If an area is too heavily shaded, the lawn may not be viable. You might have to consider paving, ground cover or artificial lawn.
Again it pays to consult an expert landscaper, who can assess the growing conditions and advise on options.
Lifestyle and maintenance time and costs
Be realistic about your lifestyle and how much time you can devote to lawn care, both while establishing your lawn, and later.
Growing grass from runners, or planting a seed lawn requires significant time and effort. You will need to water, fertilise and weed during the establishment period and long term.
Think about how often you want to mow (or pay for mowing) in the long term. Some grasses require much more frequent mowing than others. For some, it is recommended you use a cylinder mower, another big outlay.
Water/fertiliser requirements and sustainability
Is the cost of water important to you? Do you value sustainability?
Some grass types survive without a problem being watered just twice weekly in summer, and some need little or no fertiliser. Others are much thirstier and hungrier.
Fertiliser and water are ongoing costs, particularly if scheme water is used, and costs will only increase in the future. Bear this in mind when selecting grass.
NOTE: Twice weekly watering is the maximum allowed with scheme water in Perth, using an automated system. Bore owners can water three times a week, but this may soon change to twice weekly.
Watering exemptions are possible when installing new lawns — you can apply via the Water Corporation.
As already discussed, decisions often end up being budget-driven.
If you can afford it, instant turf gives ‘instant gratification, with minimal up-front effort.
Fast-growing grasses are usually the most economical.
To get the best result you may need to install an automated irrigation system if you don’t already have one. If you travel for work or your schedule allows little time for watering, this is a must.
Talk to a landscaper about which systems work best in Perth conditions, and get some quotes.
Aesthetics, feel and the ‘sneeze factor’
If the aesthetics of your home are a primary consideration, ask a landscaper to point you to some lawns they have installed. Check them out to see what appeals. Consider the colour and feel of the grass.
If children will be playing on grass (or you like to exercise on the lawn) softer varieties are most appealing.
If anyone has allergies, consider low-seeding grass types.
The larger your proposed lawn area is, the more strategic it pays to be.
For large areas, costs can be substantial. Buying turf, runners or seed, watering costs while establishing grass, and long-term water, fertiliser and mowing costs, all add up.
There are some ‘tricks of the trade’ that may help – ask a landscaper for advice.
Grass Types in Western Australia
A variety of lawn grass types are used in Western Australia.
We have already discussed problems that can arise if you plant grass that doesn’t suit your conditions, so it’s important to choose the right grass for your garden and lifestyle.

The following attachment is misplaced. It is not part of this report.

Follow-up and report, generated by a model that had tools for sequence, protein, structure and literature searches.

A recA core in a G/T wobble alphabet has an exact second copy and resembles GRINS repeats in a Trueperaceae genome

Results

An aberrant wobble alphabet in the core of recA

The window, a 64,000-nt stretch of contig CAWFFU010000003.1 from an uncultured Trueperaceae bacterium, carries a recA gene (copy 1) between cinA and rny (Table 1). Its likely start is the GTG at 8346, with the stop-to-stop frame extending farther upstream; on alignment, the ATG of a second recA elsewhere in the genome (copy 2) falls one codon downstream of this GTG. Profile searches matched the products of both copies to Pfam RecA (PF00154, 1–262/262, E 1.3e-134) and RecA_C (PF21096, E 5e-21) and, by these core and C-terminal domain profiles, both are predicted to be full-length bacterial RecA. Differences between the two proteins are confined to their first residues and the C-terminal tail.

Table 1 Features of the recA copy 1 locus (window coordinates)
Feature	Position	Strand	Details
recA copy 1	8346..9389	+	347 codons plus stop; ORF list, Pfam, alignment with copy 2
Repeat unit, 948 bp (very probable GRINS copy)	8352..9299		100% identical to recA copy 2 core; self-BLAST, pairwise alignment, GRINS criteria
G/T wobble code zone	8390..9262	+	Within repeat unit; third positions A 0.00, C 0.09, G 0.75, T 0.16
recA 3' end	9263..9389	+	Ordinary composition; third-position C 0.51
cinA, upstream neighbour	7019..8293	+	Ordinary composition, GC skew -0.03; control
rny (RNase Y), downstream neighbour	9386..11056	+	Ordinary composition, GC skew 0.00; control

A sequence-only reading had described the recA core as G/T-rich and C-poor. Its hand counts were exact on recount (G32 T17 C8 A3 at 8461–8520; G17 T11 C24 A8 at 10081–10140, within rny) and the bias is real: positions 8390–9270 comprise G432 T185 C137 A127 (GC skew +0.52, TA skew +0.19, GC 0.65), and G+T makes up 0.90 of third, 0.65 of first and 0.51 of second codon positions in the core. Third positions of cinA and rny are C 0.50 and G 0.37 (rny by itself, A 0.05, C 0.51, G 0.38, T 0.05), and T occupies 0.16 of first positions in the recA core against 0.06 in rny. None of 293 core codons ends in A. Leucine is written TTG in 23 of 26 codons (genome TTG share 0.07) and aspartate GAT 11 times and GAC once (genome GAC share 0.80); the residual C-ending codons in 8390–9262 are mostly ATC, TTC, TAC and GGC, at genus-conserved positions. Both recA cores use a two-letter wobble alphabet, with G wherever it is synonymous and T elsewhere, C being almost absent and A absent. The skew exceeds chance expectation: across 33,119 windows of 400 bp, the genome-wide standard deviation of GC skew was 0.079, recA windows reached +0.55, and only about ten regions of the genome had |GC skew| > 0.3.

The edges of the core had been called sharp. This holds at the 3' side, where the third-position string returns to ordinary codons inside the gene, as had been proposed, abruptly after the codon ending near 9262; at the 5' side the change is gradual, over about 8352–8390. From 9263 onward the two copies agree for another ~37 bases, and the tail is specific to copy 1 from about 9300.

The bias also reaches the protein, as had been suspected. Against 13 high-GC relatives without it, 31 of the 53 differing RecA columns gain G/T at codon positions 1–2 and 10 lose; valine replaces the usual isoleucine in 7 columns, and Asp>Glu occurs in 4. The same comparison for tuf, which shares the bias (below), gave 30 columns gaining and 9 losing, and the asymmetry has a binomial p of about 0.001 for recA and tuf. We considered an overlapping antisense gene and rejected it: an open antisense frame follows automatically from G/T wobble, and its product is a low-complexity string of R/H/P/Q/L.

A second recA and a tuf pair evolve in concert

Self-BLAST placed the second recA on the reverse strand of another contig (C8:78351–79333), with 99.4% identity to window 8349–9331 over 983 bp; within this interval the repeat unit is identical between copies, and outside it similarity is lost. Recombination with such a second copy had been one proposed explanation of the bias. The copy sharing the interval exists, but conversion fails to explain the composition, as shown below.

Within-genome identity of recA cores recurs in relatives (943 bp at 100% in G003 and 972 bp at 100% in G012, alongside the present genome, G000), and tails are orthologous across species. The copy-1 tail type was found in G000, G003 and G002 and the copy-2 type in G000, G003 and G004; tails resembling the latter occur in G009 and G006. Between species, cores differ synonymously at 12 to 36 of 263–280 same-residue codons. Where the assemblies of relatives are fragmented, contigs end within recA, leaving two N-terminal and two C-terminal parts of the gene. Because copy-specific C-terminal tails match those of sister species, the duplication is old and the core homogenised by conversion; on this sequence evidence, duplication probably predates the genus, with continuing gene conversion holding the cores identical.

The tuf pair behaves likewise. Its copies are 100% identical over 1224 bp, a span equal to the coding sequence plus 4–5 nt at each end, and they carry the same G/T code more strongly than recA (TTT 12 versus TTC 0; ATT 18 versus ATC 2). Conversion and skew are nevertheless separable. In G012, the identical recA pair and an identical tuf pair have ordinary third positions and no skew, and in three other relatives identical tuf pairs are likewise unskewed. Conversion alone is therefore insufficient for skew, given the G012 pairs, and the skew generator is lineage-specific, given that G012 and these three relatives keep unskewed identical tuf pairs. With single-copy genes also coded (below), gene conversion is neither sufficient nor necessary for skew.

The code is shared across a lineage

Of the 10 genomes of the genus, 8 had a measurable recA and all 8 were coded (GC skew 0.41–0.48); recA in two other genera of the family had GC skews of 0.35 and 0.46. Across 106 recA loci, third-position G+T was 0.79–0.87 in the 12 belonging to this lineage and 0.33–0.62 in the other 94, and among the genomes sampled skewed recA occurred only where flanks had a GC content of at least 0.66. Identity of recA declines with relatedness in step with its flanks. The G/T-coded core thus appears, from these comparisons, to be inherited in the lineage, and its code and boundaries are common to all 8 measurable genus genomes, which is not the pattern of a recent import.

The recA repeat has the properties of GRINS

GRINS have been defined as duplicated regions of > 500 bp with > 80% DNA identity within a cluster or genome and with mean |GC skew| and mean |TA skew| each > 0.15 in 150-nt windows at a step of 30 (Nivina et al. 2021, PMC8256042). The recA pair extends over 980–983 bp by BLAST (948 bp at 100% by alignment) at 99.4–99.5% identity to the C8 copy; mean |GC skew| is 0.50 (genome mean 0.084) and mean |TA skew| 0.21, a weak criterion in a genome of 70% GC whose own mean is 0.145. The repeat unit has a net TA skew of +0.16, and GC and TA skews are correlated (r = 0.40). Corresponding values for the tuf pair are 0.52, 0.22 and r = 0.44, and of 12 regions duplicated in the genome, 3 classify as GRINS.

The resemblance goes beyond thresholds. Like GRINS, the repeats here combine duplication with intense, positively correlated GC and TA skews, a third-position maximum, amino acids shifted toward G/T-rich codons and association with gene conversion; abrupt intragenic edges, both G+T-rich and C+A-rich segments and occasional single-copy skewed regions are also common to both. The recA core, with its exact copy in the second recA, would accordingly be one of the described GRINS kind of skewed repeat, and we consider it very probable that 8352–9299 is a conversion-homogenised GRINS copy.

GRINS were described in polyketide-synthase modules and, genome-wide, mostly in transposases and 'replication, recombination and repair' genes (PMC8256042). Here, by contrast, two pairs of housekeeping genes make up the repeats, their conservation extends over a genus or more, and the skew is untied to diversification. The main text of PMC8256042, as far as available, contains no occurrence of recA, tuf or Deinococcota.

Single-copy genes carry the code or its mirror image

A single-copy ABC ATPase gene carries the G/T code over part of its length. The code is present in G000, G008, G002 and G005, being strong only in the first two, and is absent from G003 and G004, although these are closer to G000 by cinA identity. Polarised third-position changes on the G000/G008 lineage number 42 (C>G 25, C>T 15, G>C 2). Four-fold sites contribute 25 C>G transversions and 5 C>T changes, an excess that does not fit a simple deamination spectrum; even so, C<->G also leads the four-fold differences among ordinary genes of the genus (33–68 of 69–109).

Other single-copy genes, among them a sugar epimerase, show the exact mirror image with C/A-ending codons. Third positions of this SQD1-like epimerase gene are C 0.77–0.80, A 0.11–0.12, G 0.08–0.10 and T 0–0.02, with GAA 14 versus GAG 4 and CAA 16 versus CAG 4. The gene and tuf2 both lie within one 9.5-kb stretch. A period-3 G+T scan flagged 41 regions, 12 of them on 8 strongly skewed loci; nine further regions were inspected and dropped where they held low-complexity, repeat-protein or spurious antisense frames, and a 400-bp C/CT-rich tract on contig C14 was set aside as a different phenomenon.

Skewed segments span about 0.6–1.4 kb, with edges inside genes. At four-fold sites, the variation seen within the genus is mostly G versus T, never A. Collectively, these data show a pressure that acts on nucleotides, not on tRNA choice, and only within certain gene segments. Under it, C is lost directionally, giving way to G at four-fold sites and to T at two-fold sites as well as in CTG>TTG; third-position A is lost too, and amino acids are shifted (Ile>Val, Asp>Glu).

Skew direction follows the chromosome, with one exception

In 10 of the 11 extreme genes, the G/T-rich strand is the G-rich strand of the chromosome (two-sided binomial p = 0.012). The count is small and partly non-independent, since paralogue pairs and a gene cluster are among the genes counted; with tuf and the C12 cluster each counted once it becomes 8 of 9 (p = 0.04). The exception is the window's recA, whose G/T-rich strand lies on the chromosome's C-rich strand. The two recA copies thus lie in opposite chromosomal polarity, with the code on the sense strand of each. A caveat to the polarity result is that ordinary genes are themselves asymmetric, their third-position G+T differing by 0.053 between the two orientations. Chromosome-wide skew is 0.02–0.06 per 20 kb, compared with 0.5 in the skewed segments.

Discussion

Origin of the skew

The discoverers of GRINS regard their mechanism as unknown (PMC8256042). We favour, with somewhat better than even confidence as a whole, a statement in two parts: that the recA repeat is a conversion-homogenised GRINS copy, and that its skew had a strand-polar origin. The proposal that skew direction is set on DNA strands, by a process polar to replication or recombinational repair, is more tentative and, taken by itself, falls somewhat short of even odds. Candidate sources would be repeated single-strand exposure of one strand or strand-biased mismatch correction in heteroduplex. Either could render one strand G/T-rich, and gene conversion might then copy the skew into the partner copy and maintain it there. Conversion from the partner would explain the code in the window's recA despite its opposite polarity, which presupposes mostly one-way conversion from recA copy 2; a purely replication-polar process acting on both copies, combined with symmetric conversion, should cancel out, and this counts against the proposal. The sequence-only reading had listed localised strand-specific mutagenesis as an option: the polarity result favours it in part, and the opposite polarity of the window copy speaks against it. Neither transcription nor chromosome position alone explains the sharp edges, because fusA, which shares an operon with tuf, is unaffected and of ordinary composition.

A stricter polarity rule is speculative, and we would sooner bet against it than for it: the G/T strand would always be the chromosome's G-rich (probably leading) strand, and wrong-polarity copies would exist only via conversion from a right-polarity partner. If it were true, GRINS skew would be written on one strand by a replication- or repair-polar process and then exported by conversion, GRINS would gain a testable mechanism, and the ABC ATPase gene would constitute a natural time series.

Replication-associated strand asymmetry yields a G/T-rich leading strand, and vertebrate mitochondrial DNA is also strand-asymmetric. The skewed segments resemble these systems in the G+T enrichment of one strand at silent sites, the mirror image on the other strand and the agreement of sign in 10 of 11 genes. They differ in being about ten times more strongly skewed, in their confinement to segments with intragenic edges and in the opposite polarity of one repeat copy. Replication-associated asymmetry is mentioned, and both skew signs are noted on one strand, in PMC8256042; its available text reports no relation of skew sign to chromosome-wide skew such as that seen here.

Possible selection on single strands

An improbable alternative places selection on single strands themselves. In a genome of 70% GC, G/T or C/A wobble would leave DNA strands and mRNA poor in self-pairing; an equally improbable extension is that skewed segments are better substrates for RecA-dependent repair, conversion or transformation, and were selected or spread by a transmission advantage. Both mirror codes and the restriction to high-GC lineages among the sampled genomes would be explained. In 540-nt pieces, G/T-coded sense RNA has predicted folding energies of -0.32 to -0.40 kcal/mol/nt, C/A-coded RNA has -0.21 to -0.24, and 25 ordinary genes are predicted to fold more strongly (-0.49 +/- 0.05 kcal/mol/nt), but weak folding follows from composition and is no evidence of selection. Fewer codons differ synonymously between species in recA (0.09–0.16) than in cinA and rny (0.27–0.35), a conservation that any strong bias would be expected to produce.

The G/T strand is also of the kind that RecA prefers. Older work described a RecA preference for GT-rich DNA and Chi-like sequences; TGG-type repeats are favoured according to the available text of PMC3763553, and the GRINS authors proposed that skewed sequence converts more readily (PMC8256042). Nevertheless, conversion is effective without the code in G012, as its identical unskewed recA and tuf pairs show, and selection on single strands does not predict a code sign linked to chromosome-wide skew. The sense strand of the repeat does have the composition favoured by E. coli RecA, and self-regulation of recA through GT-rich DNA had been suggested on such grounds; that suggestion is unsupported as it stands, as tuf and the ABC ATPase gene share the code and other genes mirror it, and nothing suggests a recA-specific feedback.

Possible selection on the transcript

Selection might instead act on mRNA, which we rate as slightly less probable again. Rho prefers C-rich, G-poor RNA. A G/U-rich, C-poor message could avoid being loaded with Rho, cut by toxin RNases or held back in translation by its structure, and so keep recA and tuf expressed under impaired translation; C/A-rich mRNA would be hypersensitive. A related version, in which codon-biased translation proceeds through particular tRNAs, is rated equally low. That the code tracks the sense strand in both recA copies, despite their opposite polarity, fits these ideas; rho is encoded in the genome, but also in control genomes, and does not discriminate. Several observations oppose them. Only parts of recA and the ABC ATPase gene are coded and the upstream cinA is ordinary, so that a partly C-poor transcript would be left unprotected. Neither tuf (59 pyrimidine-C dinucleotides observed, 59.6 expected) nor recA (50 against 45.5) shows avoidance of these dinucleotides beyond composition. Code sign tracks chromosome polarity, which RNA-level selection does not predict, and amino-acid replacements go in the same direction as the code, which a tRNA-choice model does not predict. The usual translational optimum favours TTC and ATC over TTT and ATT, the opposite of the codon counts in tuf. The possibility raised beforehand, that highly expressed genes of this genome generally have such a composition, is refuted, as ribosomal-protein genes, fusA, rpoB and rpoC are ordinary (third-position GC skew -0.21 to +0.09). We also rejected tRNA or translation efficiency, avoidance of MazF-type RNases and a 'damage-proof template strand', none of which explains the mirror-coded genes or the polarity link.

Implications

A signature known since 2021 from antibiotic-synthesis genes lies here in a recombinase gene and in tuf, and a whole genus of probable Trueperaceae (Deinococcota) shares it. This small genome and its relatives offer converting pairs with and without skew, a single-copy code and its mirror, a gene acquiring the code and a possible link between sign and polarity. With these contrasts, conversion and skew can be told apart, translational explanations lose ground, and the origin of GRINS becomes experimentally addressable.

Here we share our knowledge of ten of the best types of grass for lawns
We explain which conditions suit each of them, and their pros and cons, to help you make an informed choice.
Buffalo grasses – ‘Palmetto’ and ‘Sir Walter’
1. Palmetto Buffalo (stenotaphrum secundatum)
Palmetto Buffalo is one of the most popular grass types for Perth lawns.
Its benefits include:
- soft texture
- vivid green colour almost year-round
- low thatch (helps to stop it drying out)
- drought tolerance — it survives the full glare of our summer sun
- no rhizomes or underground roots, so it doesn’t invade pavers and garden beds
- hard-wearing, suits high-traffic areas
- produces little seed, so unlikely to trigger allergies
- needs less mowing than most buffalo grasses.
Palmetto’s CONS include that it:
- is not cheap
- loses colour in winter if not in full sun
- is slow to recover if damaged.
RECOMMENDED FOR: gardens where moderate watering and maintenance are desirable, families with children, and locations with good winter sun.
2. Sir Walter Buffalo (stenotaphrum secundatum)
Sir Walter is another very popular soft buffalo grass, very similar to Palmetto.
Key differences include these PROS. Sir Walter:
- keeps its winter colour in partial shade
- grows actively in winter, improving appearance
- has an even greater tolerance for wear and tear than Palmetto
- has slightly better drought tolerance.
CONS of Sir Walter include that it:
- is not as low-thatch as Palmetto
- produces more seed
- is faster growing so
- needs mowing more often.
For more information, check out this independent research carried out in WA.
RECOMMENDED FOR gardens where moderate watering and maintenance are desirable, families with children, locations with less winter sun.
3. Kikuyu (cenchrus clandestinus)
Kikuyu is another popular grass type. Its PROS are being:
- sun tolerant, drought-resistant
- suits sandy soils
- fast-growing, covers bare areas quickly
- hard to damage, fast to recover from damage
- self-sufficient, no expensive fertilisers needed
- attractive in winter
- resistant to pests and diseases
- not highly allergenic.
Kikuyu does have some CONS. It:
- invades garden beds
- needs 5-6 hours of sun per day
- requires weekly mowing in summer